|Plot Location||Hong Kong Cemetery
|Place of Birth||Strand district, London|
|Date of Birth (Eng)||1840|
|Date of Birth (Heb)|
|Date of Death (Eng)||October 30, 1889|
|Date of Death (Heb)|
|Age at Death||49|
|Spouse’s Name||Alice Levy née Norton|
|Father’s Name||Morrice Levy|
|Mother’s Name||Hannah Levy née Alexander|
|Title (e.g., Dr)|
|Religious Status (כ/ל/י)|
|Cause of Death|
|Other Family Data||He had 15 siblings. Two of his brothers, Henry and Albert, also went to China. Henry died in Shanghai in 1863 at the age of 26.|
|Inscription (Eng)||IN LOVING MEMORY
WHO DEPARTED THIS LIFE
30TH OCTOBER, 1889.
IN HIS 50TH YEAR.
“THERE IS NO DEATH. WHAT SEEMS SO. IS
TRANSITION. THIS LIFE OF MORTAL BREATH.
IS BUT A SUBURB OF THE LIFE ELYSIAN.
WHOSE PORTAL WE CALL DEATH.”
|Inscription (Heb)||פ נ ת נ צ ב ה|
|Historical||Alexander arrived in HK in 1859 to work for the brokering firm, C. C. Cohen & Co., located on D’Aguilar Street. At that time, he lived with the firm’s founder, Charles Coleman Cohen. In 1871, he joined Landstein & Co, which was owned by William Rudolph Landstein (1G5). Following Landstein’s death in 1881, he became the company’s manager but in 1883 he joined George R. Stevens Co. The following year he operated under his own name. In 1886, he was appointed the agent for Hong Kong of the South British Insurance Company (now part of the Aviva Group) but on July 24, 1889, a new agent was appointed. It is unclear whether he left the company at that point or if he was too ill to continue working as he died just a few months later.
On June 11, 1863, in Shanghai, he joined the Northern Lodge of China, associated with the United Grand Lodge of England, where he remained a member until 1867, when he transferred to the Perseverance Lodge of Hong Kong. This lodge included other Jewish members, such as Charles Coleman Cohen, Raphael Aaron Belilios and Henry Ash Cohen.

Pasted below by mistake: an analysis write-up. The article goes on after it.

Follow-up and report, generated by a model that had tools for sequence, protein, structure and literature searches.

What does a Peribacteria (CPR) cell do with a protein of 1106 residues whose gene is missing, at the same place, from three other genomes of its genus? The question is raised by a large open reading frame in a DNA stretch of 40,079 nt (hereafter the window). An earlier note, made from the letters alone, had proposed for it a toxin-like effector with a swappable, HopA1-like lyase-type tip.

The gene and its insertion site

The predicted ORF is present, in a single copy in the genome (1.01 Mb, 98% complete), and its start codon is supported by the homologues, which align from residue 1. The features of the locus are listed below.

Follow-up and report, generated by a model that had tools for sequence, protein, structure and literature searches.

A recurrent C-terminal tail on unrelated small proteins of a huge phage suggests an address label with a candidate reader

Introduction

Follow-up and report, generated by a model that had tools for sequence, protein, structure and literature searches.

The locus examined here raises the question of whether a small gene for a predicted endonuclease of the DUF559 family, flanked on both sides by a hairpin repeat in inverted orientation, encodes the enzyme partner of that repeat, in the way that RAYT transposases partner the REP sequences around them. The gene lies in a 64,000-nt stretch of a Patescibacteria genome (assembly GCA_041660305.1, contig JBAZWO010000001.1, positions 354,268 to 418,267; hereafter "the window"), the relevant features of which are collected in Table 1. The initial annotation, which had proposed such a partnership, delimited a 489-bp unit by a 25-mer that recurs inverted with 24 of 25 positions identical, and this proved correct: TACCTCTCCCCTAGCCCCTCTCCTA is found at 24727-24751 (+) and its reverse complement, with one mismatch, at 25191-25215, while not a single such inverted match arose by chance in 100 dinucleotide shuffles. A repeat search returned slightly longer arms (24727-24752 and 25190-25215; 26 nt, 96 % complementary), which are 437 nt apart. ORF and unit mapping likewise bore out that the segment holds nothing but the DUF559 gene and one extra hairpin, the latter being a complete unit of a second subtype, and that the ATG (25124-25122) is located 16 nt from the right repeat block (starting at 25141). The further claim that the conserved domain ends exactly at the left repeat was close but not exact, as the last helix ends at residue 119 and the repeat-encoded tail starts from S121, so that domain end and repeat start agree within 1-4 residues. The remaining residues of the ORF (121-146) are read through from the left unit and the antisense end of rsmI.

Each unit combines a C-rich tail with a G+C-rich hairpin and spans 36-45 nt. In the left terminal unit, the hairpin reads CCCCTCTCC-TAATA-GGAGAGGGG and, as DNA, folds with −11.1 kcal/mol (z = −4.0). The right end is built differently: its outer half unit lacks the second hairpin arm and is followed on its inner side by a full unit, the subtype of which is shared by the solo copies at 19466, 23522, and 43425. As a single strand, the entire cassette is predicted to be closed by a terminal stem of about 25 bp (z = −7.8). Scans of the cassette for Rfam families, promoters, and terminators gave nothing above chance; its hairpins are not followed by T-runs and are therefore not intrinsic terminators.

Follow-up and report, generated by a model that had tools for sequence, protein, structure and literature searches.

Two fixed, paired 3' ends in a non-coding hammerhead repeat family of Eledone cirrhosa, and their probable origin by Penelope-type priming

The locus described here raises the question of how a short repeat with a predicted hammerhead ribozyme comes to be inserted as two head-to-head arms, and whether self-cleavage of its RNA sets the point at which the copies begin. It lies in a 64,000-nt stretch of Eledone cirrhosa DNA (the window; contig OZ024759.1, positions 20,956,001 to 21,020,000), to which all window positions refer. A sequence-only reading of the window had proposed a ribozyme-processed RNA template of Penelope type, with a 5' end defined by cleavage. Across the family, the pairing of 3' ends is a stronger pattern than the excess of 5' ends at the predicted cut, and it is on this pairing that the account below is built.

In 1869, he was summoned to court on the charge of assaulting Charles Cohen’s boy (servant). The boy had answered back when Alexander Levy told him to clean the verandah, saying “suppose you no like my, more better you catchee another boy”. Levy gave him four blows to the face for this impertinence, which the magistrate thought quite reasonable, fining him only 25 cents.
His father was a sheriff’s officer (similar to a bailiff, it was the family business), a wine merchant and part-owner of the Drury Lane Theatre. He had eight children (including Alexander) with his first wife, Hannah Alexander, and another eight children with his second wife, also named Hannah, and whom he married 15 months after the death of the first Hannah. Morrice’s father, William Levy, founded the family fortune from keeping a brothel in London, which fortune was further increased through the business of sheriff’s officer and associated money lending.
In addition to his two brothers who also went to China, he had another brother who was a magician, ran postal bodybuilding courses, and promoted home electroplating powder. His nephews included a pioneer of Canadian broadcasting, an artist who wrote an anthropological study of Samoa, and a member of the British Special Forces in WWII.
He married Alice, a Protestant from Manchester, on September 1, 1887, in a church in Hong Kong. They lived at Parsee Villa on Mosque Junction, off Robinson Road.
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